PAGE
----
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Security & privacy

Robocalls changing for the worse, so don’t get scammed

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Do you still answer phone calls from unknown numbers? Like me, you probably ignore them all. Why? Well, it’s most likely just another robocall or a telemarketing call.

But what if the caller ID appears to be from a familiar number or company? Or worse, what if it looks like it’s coming from your own number? Out of curiosity, there’s a good chance you might pick up.

But watch out — that’s what these scammers are counting on. And in the future, it will only get worse. Not only can they spoof numbers that are familiar to you, but they’ll also start faking voices, too!

What is caller ID spoofing?

Caller ID and phone number spoofing is a growing plague that’s not only annoying, but it is also equally dangerous.

With this scheme, criminals are using VOIP (voice-over-IP) and phone spoofing software to impersonate a phone number’s caller ID.

This means they could make any call show up on your phone as if it is coming from a familiar person from your contact list, company or organization and even yourself.

In fact, these Caller ID phone phishing scams (also known as vishing) are getting so sophisticated and professionally handled that they’re fooling even the most tech-savvy people around. Click here to read one of the most interesting phone spoofing phishing attempts.

But security experts are warning that a new level of deception is on the horizon. You won’t just receive scam calls from phone numbers that you’re familiar with, the person on the other end of the line will sound like someone you know, too.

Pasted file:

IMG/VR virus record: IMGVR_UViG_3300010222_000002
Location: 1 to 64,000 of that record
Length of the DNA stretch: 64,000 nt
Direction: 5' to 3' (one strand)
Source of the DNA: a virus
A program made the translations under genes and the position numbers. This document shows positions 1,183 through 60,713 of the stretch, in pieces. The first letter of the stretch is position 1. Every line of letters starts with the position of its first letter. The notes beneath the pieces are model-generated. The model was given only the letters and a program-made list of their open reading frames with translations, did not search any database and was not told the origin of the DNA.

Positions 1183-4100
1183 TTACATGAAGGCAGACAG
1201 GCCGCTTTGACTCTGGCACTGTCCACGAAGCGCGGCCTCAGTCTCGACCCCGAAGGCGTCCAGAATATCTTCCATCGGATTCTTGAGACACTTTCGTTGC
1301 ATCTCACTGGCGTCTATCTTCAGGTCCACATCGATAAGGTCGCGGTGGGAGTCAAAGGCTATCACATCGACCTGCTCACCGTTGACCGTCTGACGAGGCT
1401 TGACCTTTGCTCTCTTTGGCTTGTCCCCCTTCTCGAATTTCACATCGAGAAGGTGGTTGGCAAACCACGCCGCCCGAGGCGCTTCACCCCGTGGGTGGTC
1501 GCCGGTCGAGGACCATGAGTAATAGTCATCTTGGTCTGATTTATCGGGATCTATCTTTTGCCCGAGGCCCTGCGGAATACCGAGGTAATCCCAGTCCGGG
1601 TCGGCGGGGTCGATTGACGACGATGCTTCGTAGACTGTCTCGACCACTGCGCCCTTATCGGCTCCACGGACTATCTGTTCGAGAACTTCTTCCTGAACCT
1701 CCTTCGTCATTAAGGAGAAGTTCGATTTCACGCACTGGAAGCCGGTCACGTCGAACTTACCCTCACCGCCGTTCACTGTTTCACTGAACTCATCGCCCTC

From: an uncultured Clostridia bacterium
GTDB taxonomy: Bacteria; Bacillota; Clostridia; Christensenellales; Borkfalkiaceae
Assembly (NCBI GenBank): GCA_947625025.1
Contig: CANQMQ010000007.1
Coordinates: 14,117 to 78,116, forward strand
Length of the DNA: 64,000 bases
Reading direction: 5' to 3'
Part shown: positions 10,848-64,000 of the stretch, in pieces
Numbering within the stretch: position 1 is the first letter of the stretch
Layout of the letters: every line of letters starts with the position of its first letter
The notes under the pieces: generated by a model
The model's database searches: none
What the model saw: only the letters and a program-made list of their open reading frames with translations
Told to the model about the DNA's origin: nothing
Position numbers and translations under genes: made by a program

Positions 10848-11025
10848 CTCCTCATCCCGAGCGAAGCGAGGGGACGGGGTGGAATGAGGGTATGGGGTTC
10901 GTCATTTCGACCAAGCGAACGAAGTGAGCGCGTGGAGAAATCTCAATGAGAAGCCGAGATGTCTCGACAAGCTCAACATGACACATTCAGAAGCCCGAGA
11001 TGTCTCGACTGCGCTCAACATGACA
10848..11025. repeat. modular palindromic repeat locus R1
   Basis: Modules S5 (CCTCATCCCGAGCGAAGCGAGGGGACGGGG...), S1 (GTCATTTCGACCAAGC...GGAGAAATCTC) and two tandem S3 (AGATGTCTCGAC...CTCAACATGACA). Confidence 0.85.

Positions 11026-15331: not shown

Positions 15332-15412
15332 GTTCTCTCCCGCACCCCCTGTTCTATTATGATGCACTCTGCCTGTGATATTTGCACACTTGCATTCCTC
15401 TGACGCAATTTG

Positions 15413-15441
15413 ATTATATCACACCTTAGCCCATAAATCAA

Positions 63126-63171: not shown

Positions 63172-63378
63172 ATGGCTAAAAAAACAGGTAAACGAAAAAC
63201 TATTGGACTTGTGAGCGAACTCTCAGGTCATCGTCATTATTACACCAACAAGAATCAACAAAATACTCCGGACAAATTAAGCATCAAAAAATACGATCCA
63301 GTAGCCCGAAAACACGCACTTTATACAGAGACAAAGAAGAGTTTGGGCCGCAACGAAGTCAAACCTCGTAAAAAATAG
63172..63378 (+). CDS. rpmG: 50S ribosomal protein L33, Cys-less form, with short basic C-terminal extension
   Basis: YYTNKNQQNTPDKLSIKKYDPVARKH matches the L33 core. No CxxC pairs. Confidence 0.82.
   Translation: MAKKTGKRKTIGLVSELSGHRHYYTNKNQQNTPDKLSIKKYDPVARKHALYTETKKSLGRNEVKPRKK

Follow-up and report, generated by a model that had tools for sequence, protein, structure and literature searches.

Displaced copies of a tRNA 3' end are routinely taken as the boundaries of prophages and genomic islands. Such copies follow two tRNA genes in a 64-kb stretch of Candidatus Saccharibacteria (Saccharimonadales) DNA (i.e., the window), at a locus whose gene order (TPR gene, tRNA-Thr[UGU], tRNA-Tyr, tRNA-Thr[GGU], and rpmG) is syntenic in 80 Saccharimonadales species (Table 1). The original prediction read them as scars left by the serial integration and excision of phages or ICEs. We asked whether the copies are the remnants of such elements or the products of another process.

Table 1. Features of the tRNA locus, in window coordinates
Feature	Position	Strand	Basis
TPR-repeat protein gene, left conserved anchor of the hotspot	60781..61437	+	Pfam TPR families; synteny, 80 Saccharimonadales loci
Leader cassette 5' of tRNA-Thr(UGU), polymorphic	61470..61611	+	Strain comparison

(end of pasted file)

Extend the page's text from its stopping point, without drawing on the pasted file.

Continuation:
Voice spoofing is real

Imagine this — you get a call from a “friend’s” number and in a familiar voice, they’re saying they are in trouble and you’ll have to bail them out. The problem? It’s all a sham. Your friend’s number was spoofed and the voice on the other end was faked.

Soon, this will be the robocall reality we’ll all be facing. Voice manipulation software is real and it’s only a matter of time before crooks get their hands on it.

With voice editing software like Adobe’s Project Voco (the “Photoshop of speech”) and virtual assistants like Google Duplex that sound eerily human, speech manipulation can certainly be used for scams, extortion and manipulation.

Fortunately, creating a robocall version of you and your friends won’t be a trivial task. It will take tons of voice samples and computer model training, not to mention advanced voice manipulation software, before any personalized call and voice spoofing can be launched. It will take a lot of work but it is definitely possible.

How to fight back against robocalls

This is actually the easiest solution to eliminating robocalls. If you receive a call from an unknown number or one that doesn’t show up on caller ID, don’t answer. If it’s an important call, the person will leave a message and you can get back to them.

More importantly, if you receive a call that’s coming from your own phone number, don’t ever pick it up. It’s 100% a robocall.

All four of the major carriers have specific tools to identify, filter and block suspected nuisance numbers from calling or texting your phone. Most require you to shell out an extra monthly fee to activate the caller ID service, but network-level blocking is free of charge across all the carriers.

To fight other types of robocalls, you can download and install call-blocking apps such as NomoRobo, True Caller or Hiya on your smartphone. Tap or click here for more information about these types of apps.


Soon, carriers will launch a new universal system that aims to identify and block robocalls on the network level. It’s called Stir/Shaken and it will try to verify the legitimacy of the number through a digital signature. No verification, the system will assume it’s a robocall. Hopefully, Stir/Shaken will be available by all the major carriers by the end of the year.

Free podcast: FCC gets tough on robocalls

Consumers are answering about five billion robocalls a month. Under pressure from the FCC, mobile carriers are now doing something about it. Why are the FCC and carriers taking so long to tackle robocalls?

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